SUBTLE & SENSATIONAL
Can a house be a ‘show-stopper’, while retaining a sense of understatement?
This Fendalton home is both subtle and sensational. The 290 square-metre two-storey home, clad in meticulously detailed cedar cladding, with cantilevered roofing and walls initially presents an unassuming face to daytime visitors. The garage door is cleverly integrated into the front wall, and cedar ‘fins’ only reveal their true purpose at night when they are illuminated to great effect. Further illuminated fins are placed at the rear of the house and provide a visual connection.
The new home of Ross and Lorraine Brereton replaces their original family home, a casualty of the Christchurch earthquakes of 2011. With the decision made to replace rather than repair, the Brereton’s approached their architect to design their new home. Though they met with other builders, the Brereton’s chose Richard Fantham from Radius Building as their builder.
‘We were looking for a fixed-price contract, which Radius offered’, says Ross Brereton. ‘Richard’s scope of works, the online ‘Co-construct’ programme meant everything was recorded and gave us a rundown of costs. We could make informed decisions about whether to include extras. We could also keep track of the build and see when we’d have to make decisions about lighting, flooring and decorating.’
Richard worked closely with the Breretons to bring the architect’s vision to life within their budget. The design of the Brereton’s home was technically challenging from many aspects. With its cantilevered roof and walls requiring a sophisticated steel structure, windows at soffits around the upper level that flood rooms with light while providing privacy, and the detailing of the cedar cladding it was an intricate and specialised build.
‘A degree of flexibility to adapt the design as the build progressed was required’, says Richard. ‘In addition to using Co-construct, lots of discussions were held throughout the build to ensure Ross and Lorraine understood the options and implications of their decisions. They wanted to future-proof their home so that meant considering the height of plugs and switches, bracing walls to add handrails at a later stage and accessibility issues, such as not having steps in to showers.’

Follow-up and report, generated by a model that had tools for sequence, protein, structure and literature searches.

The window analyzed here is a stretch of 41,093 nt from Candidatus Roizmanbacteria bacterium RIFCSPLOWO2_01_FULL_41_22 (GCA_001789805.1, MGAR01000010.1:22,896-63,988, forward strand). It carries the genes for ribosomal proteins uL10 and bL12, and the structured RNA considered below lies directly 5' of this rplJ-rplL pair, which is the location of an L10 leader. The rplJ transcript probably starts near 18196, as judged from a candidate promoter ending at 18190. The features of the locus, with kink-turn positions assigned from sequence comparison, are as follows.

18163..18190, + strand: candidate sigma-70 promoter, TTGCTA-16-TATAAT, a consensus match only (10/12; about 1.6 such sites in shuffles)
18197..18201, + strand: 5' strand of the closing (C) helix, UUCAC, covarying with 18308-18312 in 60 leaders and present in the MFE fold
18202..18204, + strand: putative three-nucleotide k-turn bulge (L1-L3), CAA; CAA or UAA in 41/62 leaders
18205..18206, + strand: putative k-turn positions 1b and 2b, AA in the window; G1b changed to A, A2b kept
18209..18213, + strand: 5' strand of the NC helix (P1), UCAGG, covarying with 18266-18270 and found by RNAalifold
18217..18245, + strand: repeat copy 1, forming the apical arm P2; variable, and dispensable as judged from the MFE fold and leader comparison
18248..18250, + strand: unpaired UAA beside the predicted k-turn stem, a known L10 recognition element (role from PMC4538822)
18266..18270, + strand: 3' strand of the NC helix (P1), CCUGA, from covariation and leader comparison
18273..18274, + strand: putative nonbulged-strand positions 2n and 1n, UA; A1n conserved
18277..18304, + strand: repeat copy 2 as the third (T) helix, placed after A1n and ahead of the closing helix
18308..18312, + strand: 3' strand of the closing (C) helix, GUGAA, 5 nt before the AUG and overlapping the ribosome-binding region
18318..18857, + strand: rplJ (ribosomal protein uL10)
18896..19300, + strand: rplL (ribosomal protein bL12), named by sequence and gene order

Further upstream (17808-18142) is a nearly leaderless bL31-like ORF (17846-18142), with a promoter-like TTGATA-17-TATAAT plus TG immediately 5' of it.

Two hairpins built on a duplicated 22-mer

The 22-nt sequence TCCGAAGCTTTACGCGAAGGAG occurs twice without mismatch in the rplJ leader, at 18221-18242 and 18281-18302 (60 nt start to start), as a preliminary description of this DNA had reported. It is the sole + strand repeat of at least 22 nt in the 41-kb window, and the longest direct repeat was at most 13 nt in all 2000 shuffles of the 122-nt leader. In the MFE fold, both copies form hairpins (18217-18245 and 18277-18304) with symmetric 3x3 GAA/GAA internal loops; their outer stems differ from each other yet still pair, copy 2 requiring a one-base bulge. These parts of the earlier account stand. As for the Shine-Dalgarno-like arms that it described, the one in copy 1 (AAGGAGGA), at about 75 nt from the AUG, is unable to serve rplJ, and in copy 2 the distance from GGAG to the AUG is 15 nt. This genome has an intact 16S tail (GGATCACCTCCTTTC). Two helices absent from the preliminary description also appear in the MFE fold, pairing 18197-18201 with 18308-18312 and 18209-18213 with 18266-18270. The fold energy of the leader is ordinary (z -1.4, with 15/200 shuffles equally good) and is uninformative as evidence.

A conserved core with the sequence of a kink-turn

Though no strangers to building, the Brereton’s were never-the-less excited seeing their new home rise up from the ground. ‘Just seeing the framing go up and thinking this is our new house was exciting’, says Lorraine. ‘While building your own home takes time, the end result makes it all worthwhile.’
There’s a lot to admire about the Brereton’s new home. An exterior stone feature wall extends inside the entrance hall, that offers visitors enticing views of the garden beyond. The wide corridor leads past a study (‘a god-send during lockdown’ says Lorraine) and guest suite on to the entertainment areas. Light floods into the north-facing living rooms with high ceilings and glass folding doors opening out to a landscaped garden of established trees and shrubs (carefully nurtured by the Brereton’s throughout the build) surrounding a swimming pool down to a steam-boundary. The finish inside is only exceeded by the quality of the exterior craftsmanship.
‘The cedar cladding is beautifully pattern matched’, says Lorraine. ‘It looks continuous but it’s not. They used a plumb line to get it vertically aligned and hand-nailed it in place. People can’t find a fault with our new home – even people with building knowledge are impressed.’
The Brereton’s home literally shines a light on what can be achieved by the combination of design inspiration and building excellence.
‘There’s a sense of satisfaction from building your own home’, says Ross Brereton. ‘You just need the right builder and the right architect and we had both!’